This enchanting illustration of a lady all wrapped up in a luxurious fur hat, ribbons, lace and ruffles is one in a series by Hans Christiansen (1866-1945), a German painter and illustrator. Although his name may not be as familiar to you as Alphonse Mucha, Christiansen is considered to be one of the main drivers behind Art Nouveau at the turn of the century. The French postcard "Bible," Les Meilleures Cartes Postales d'Illustrateurs by Neudin says simply "one of the best postcard artists. The one whose art nouveau cards are often cited as an example of the harmonious use of space." Serendipitously I discovered that what I thought was a mystery publisher's logo at the bottom left is actually the artist's "signature." One reason Christiansen is not as well known as Mucha is "from 1933, his work was banned by the Nazi party because of his Jewish wife and was largely forgotten until his death in 1945." (Thanks to the Vienna Secession/Art Nouveau in Vienna and Germany 1895-1918 web site for this information.) * This is a quality lithographic postcard with subtle colors: white, yellow, ecru, blue. Her long flowing hair goes from dark brown to blonde highlights draping across her bare shoulder. And just a hint of red on her lips. The sender wrote their name on front since there was no room for a message verso; only legal space for the recipient's address. Although not postally franked, the undivided back helps us date this card to about 1898 to 1903. No creases and for its age, in overall near mint condition. 3.5 by 5.5 inches.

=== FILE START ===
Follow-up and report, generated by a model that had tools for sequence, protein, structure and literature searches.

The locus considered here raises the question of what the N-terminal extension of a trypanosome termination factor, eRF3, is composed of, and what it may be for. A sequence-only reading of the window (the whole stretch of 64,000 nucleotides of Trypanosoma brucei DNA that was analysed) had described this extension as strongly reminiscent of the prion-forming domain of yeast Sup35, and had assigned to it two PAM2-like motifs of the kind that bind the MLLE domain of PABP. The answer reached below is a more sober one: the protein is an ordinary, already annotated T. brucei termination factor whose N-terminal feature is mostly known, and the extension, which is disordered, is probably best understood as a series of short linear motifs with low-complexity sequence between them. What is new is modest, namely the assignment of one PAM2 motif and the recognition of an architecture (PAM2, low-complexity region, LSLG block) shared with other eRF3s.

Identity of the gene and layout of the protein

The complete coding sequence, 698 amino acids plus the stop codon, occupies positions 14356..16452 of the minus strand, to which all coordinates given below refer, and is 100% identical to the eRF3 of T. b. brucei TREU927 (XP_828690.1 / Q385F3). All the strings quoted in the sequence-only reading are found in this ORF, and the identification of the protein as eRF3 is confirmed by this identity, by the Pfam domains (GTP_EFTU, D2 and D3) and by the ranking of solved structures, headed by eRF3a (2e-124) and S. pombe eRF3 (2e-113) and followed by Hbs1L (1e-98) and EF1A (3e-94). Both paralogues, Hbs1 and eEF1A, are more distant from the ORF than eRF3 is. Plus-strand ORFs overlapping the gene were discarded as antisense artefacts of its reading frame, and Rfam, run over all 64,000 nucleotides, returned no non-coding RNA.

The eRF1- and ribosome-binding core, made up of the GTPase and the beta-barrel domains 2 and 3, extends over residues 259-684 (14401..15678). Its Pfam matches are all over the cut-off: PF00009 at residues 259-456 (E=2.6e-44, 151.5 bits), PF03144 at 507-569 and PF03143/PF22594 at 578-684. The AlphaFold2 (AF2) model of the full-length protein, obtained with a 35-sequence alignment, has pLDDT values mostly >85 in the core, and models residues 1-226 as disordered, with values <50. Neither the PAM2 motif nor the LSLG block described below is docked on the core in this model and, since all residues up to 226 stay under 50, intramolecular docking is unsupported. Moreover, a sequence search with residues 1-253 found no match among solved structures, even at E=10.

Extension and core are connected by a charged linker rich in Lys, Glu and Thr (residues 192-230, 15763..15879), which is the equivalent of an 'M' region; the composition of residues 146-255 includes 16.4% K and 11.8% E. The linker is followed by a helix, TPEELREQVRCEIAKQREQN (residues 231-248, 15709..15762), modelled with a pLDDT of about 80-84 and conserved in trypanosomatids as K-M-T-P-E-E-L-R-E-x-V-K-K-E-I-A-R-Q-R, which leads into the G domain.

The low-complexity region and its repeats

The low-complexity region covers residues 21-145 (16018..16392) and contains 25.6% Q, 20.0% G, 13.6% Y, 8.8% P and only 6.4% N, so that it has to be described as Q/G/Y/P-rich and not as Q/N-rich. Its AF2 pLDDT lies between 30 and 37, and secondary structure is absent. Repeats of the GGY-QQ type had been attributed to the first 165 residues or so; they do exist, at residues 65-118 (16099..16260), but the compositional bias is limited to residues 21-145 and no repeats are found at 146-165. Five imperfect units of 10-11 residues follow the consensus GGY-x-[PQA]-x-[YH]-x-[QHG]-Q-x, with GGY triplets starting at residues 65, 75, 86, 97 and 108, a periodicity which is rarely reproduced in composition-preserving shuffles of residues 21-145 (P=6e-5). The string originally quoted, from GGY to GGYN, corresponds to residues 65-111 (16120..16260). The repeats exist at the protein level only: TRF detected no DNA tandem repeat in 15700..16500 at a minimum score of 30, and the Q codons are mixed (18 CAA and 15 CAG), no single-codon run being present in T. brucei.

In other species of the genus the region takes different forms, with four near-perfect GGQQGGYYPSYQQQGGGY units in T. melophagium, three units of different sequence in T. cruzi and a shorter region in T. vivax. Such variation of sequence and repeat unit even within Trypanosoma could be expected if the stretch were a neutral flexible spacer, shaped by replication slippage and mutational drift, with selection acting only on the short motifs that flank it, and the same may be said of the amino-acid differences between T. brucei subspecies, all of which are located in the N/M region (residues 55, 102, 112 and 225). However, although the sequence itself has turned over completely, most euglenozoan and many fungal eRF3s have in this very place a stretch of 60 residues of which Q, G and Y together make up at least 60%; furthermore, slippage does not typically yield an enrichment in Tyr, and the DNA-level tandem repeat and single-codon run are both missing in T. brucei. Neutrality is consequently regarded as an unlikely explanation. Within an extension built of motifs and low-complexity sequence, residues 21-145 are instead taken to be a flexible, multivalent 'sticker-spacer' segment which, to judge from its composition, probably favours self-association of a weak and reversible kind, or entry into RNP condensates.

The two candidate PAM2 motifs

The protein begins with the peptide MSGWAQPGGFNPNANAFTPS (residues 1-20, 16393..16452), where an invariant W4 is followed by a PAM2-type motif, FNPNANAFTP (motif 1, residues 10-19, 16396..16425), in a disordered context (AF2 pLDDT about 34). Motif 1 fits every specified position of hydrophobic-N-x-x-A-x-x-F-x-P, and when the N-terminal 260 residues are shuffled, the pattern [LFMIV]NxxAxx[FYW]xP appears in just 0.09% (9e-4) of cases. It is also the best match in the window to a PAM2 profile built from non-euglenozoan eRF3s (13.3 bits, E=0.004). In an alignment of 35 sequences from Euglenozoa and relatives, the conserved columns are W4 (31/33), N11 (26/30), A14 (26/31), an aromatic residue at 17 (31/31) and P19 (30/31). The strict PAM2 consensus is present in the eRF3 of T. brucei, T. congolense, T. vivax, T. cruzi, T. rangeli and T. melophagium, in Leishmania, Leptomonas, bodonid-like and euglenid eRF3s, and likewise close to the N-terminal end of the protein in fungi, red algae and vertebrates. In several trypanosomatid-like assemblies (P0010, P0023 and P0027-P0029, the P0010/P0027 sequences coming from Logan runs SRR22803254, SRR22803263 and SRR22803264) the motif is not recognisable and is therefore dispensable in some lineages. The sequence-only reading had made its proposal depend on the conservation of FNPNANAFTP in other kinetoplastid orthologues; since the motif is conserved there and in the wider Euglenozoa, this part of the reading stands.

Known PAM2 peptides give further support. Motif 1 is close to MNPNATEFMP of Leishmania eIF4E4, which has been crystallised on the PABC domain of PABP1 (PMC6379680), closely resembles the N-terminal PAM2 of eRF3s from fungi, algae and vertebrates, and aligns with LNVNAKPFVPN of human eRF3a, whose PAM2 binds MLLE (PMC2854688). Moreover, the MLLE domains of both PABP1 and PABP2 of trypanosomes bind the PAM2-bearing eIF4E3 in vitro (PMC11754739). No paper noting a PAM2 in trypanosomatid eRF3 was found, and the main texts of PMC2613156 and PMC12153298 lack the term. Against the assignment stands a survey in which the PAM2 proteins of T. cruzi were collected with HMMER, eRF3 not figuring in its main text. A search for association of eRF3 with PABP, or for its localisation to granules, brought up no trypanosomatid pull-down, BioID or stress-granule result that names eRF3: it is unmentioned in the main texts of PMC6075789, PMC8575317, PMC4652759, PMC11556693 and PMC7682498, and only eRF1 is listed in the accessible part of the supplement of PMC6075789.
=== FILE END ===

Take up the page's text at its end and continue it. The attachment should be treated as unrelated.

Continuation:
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*"(Christiansen) designed furniture, ceramics, tapestries and stained glass and graphic posters. He also designed his own house in the colony which he named “Villa Rose” later sadly was destroyed in World War. During this time, Christiansen was also a regular contributor to the magazine Jugend producing numerous illustrations and covers. From 1902 he settled Paris where he worked as a painter and from 1911 on taught at the School of Applied Arts in Wiesbaden."
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